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RAPID Conference Day 2

Psychosocial Aspect of Diabetes (PSAD) Study Group

Research Accelerating Psychosocial Innovations in Diabetes (RAPID) Conference

Copenhagen, Denmark, Day 2 30th November 2022

After a delightful dinner and lovely evening of networking at the end of day 1, the vibe in the room today for day 2 is more relaxed with many professional friendships having been made already – amazing how easily genuine connections can be made when you’ve found your tribe, be it a professional or peer tribe…so from this sense it seems professional networking and relationship building is very similar to how PwD make peer connections 😊 Therefore, I reckon if PwD come across a health professional that is seems resistive against supporting the concept of peer support for PwD then perhaps remind them of this which I explain here!!

Dr Debbie Cooke from Atlantis Health and University of Surrey UK started day 2 off by reiterating how grateful PSAD was for the Novonordisk grant they received that enabled PSAD to provide this RAPID Conference. PSAD’s vision for this RAPID Conference was to build research capacity and support Early Career Researchers (ECRs) and to “create a spark” that fosters collaborative idea brainstorming amongst delegates from across the globe 😊

So on that note, day 2’s first key note speaker was Prof Richard Holt, an Endo from Southampton UK, who talks us through where we have come from and where we are going with supporting people with diabetes and a severe mental illness…

The dual burden of diabetes and severe mental illness

Prof Richard Holt

Evidence tells us people with severe mental illness and diabetes have a lower life expectancy of ~15 years less, which has been widening over recent years and is largely driven by physical health problems ie. COPD, diabetes, influenza, and pneumonia.

Conducting research in diabetes and mental illness attracts challenges though as the participants are often experiencing psychoses and delusions, which makes consent an ethical challenge.

Diabetes complications for PwD with severe mental illness don’t seem to be any more prevalent, except for metabolic concerns (ie. hyperglycaemia).

So what should our objectives for people with severe mental illness be :

  1. Prevent diabetes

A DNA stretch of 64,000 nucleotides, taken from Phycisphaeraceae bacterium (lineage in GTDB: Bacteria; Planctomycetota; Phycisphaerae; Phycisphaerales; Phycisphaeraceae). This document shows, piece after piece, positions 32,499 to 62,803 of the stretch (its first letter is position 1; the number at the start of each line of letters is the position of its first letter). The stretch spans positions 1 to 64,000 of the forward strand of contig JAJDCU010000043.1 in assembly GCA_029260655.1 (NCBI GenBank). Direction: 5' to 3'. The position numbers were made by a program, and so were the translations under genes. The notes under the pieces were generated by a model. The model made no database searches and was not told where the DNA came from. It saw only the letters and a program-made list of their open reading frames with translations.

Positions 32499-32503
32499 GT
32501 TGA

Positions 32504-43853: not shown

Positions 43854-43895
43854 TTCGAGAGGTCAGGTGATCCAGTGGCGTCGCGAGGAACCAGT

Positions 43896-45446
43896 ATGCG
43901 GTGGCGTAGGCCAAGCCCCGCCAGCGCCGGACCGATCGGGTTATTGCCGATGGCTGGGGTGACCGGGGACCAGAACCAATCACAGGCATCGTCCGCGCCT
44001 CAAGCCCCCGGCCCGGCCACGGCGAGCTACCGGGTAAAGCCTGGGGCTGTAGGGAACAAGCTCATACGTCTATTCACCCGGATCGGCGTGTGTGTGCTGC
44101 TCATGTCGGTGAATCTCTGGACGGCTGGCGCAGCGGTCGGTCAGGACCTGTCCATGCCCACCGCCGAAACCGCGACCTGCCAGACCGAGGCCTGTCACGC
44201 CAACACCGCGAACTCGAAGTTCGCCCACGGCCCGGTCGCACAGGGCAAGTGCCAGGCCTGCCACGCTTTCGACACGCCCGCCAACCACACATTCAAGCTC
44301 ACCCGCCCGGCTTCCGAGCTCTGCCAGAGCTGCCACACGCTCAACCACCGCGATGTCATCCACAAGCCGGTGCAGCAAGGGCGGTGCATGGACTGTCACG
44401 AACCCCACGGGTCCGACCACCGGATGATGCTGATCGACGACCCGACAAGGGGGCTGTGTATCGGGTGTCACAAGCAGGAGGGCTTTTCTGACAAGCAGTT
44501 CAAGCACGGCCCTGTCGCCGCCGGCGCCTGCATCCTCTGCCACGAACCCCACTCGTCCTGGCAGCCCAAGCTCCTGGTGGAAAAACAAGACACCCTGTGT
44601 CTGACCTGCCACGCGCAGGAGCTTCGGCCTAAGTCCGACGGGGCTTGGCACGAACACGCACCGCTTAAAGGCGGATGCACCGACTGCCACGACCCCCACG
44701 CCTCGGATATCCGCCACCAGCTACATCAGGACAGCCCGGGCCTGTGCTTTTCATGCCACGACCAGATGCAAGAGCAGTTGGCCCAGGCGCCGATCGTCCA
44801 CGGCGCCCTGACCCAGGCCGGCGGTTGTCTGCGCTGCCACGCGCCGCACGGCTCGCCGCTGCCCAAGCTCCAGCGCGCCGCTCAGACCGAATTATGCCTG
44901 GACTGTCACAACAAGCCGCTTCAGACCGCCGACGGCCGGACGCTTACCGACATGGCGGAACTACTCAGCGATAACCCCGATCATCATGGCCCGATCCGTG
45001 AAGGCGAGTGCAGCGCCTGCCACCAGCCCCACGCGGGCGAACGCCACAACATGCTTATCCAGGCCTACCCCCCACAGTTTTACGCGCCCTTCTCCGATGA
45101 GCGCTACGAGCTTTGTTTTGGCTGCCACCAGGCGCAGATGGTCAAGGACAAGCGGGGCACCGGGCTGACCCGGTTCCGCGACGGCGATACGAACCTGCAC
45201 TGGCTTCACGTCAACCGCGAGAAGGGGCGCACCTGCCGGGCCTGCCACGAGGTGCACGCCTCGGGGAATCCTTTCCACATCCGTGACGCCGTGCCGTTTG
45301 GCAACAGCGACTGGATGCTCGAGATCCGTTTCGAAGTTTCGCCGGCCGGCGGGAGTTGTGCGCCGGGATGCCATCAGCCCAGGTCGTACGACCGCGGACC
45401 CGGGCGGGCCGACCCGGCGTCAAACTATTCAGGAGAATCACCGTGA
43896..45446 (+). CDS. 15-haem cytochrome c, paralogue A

2. Diabetes screening
  3. Support diabetes management

In addition to this cohort having diabetes and a severe mental illness, the rates of obesity have doubled for them too.

Lifestyle intervention is now very much the global go-to for diabetes management for all :

  1. Dietary advice
  2. Physical advice
  3. Behavioural change advice

In the UK, the DESMOND program was converted to the STEP WISE program that was specifically for people with mental illness who also have diabetes. Its pros were it’s long term, gradual and supportive…BUT it wasn’t successful. The CHANGE program with a lifestyle coach also didn’t yield the lifestyle results that were being hoped for. So, the question was asked, do we turn away from offering lifestyle intervention programs to this cohort? The short answer remains NO!

One thing that keeps Prof Holt going with supporting PwD who have a severe mental illness is of the hearing of their lived experience reports about their successful use of pharmacotherapy. The burden of managing more than one chronic condition should not be underestimated – it’s complex, not linear.

In the research though…

The ‘bad news’ from a 2009 study was :

  1. Poor outcomes were compounded by healthcare services that weren’t suitable for this cohort
  2. This cohort are less likely to have received diabetes education or be prescribed statins
  3. This cohort weren’t likely to have received complication screening

The ‘good news’ from a 2021 study was :

  1. PwD were engaging with team more frequently
  2. PwD were more likely to now be receiving complication screening

The DIAMONDS Programme was developed by the University of York, which :

  1. Involves peer support sessions
  2. Involves 1:1 consults
  3. Includes digital app and workbook

The FUSION Clinic set up by Slaglese Denmark highlighted :

  1. PwD were receiving care from same clinician who specialises in both diabetes and psychology
  2. The clinic functions like a one stop shop concept

This key note presentation then took us to the ‘Depression and Diabetes Distress’ oral presentations…

PROACTIVE : an intervention delivered for depression among adults with diabetes in Brasil

Carina Nakamura

750 participants

3 day training for those providing the program

Also seen by a psychologist

Collaborative care included their usual routine care and medication prescriptions; the research program didn’t interrupt clinical care

Digital app involved activities to be completed by the end of study intervention as well as watching some videos via the app